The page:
Photo Gallery
Login
Powered by Squarespace

Entries in Nostalgia (4)

Monday
Jan232017

Car Repair Nostalgia

Although we read about the new here, the just launched there, the upcoming in just a few months somewhere else. In addition to new technology here, there, and all over the place.

Somedays its envigorating to just stop, and look back in a reflective fashion.

Here we go...

Tools:

If you are of a certain age you remember the various hand tools used back in the day. Ratchets, extensions, sockets were commonplace. Flat and philip screwdrivers, ball peen hammers, and so on. Air tools were usually a substantial impact wrench, and subsequently a ratchet, both dragged around an air line, and were noisy.

Today many of the air powered tolls have been replaced by the electric equivalent with a battery.

Tool Boxes:

A couple of generations ago what was a sophisticated tool box was usually built up from a few components on casters. Yes...Snap On ruled the day. Tool boxes today are a thing of beauty, totally cool.

Distributor - Coil - Spark Plug Wires:

If you remember replacing ignition points on a regular basis, using a dwell meter, coils going bad and going nuts trying to figure it out. Plug wires wearing out, the same with distributor caps and rotors. Setting the timing with a timing light.

It  sounds old, archaic, a lost art. Even on TV shows some of the cars that are restored the engines run like shit.

The lost art is to get an engine to run well, and start in a crisp, lively fashion.

Batteries:

If you remember batteries with acid, battery caps, the posts and cable connectors getting all corroded with the "fuzzy stuff". Yes...you have been around for a while, you also remember cleaning the battery posts, and cable connectors.

Today its maintenance free batteries, and screw in cables. Yes...batteries still wear out.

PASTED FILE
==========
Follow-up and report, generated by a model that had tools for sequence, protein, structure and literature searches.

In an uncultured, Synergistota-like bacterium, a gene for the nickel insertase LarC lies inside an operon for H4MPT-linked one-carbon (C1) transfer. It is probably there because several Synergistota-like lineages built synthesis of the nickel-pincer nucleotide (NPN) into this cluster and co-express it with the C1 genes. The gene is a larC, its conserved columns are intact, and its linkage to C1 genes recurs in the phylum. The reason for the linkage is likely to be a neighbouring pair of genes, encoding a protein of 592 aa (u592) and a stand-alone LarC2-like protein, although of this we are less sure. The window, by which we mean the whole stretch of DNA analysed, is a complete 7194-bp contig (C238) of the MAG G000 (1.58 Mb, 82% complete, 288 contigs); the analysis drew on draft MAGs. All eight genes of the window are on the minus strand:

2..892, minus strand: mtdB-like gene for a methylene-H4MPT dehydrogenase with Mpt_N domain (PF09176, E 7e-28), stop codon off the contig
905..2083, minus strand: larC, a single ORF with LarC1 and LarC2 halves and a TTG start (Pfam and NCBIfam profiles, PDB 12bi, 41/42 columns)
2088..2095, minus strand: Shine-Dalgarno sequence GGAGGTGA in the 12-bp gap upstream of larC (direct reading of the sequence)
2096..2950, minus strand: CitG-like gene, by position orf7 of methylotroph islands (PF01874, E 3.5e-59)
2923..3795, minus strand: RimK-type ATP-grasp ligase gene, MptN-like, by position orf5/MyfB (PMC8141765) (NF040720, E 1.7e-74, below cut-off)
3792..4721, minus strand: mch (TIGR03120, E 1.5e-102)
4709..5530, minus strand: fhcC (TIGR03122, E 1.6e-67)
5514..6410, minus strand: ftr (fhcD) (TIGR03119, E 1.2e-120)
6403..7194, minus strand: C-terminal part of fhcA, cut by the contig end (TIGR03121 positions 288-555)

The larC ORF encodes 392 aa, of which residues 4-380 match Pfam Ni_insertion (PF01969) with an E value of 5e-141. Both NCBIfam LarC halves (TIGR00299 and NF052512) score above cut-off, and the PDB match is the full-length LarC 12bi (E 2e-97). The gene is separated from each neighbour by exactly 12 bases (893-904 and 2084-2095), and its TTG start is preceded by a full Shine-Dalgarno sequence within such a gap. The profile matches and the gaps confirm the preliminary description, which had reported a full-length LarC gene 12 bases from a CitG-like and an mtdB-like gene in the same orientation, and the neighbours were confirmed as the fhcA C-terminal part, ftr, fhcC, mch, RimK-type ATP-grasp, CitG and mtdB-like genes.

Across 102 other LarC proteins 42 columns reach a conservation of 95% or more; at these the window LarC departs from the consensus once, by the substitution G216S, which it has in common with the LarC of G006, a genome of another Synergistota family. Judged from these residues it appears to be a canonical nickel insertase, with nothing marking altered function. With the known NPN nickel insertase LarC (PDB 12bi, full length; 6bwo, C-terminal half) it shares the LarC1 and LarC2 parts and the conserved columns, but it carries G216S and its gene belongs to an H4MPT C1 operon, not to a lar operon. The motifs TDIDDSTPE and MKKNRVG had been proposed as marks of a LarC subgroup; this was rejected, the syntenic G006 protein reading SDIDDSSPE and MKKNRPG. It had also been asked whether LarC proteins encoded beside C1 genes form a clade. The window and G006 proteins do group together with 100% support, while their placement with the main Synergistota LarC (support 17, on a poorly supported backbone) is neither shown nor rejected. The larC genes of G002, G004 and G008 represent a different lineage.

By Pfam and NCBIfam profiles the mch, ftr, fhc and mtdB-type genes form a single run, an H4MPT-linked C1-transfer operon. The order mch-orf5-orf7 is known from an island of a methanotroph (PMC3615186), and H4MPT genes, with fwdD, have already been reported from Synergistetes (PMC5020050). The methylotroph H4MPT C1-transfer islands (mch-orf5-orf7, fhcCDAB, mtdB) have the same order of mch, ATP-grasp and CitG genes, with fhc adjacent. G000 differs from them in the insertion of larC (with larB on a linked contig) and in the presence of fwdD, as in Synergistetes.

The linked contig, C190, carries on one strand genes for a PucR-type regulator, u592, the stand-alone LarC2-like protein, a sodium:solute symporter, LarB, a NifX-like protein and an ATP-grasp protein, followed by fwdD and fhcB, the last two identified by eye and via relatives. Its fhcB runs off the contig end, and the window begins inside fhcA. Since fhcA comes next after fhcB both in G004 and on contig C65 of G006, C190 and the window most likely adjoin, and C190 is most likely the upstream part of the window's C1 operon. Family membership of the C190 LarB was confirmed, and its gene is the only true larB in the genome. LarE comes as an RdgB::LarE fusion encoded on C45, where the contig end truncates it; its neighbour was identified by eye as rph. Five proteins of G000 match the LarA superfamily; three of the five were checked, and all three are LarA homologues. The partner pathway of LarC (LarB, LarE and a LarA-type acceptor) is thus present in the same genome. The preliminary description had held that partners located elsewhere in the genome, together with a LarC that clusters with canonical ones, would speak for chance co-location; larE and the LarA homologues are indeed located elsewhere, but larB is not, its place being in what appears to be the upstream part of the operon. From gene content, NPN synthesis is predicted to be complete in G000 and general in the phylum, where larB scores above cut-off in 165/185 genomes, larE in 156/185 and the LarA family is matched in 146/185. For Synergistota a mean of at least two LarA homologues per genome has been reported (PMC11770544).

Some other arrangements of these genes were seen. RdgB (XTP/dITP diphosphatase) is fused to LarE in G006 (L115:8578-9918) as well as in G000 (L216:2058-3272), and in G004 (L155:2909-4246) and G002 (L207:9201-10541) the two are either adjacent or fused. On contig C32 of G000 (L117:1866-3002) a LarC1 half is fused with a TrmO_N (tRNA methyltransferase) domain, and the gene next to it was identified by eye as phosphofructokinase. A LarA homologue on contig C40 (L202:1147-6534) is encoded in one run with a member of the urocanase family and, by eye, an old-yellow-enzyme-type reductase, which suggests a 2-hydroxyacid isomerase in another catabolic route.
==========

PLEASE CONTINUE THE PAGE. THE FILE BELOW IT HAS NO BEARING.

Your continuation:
Human Knowledge:

Good ole human knowledge is priceless. With all the technology, modern tools, testing and diagnostic equipment. In many instances it facilitates diagnosing, and repairing a vehicle.

But...having an intrinsic understanding of how a vehicle funstions, what the various components are supposed to do, how one thing relates to another. Its priceless...

It goes back to the days when the human brain stored the knowledge base, experience, skill set to understand how a vehicle worked. Understanding what was amiss, which today shows up as an error code.

Agreed...its becoming a lost art that is also extremely challenging to replace...perhaps even bordering on the impossible.

 

 

Saturday
Jun182016

Rebuilding an Engine

There is a ton of nostalgia in this video. It's a flathead (not a fan), removing an engine with the transmission, hand tools, washing parts, re assembling with new parts. Its all cool...especially if at a stage in your life you were rebuilding engines as a week end project.

 

 

Saturday
May142016

Engine Overhaul

The video caught our attention, its a vivid reminder, and more important nostalgia from decades ago.

Here is the deal

Back in the day with limited budgets, tuitions, older cars, rebuilding an engine over a week end was almost normal. Using the same procedures as they are doing in the video.

We used to be at least 2, and often more to deal with the parts washing.

In the video they do not mention a few budget tricks to polish a camshaft, cutting the ridge at the top of the cylinder, and a few other items like washing the block and a bunch of parts with laundry detergent to get all the grease residue out.

Its not the car, or the engine, its the nostagia of this video that is priceless.

The goal was to finish on a Saturday night even late or early into Sunday morning.

Don't even get The Colonel going about how many engines were overhauled on a week end.

 

Saturday
Apr302016

Mercedes-Benz 190E 2.3-16

If you ever wondered what a 190E 2.3-16 was/is all about the owner provides you with a brief description. If you remember Ayrton Senna made his mark in Europe, and was noticed driving one of these cars.

Yes its a Cosworth head from back in the day when Cosworth was the undisputed leader in designing cross flow heads with 4 valves per cylinder. Look at the shift pattern on the transmission set up to keep the engine revving especially on a track.

Were they good cars? A high revving 4 cylinder Benz back in the day had limited appeal to a customer base more attuned to V8's. You can quickly conclude that a high revving engine would have some oil consumption which was the case with the "16 valver".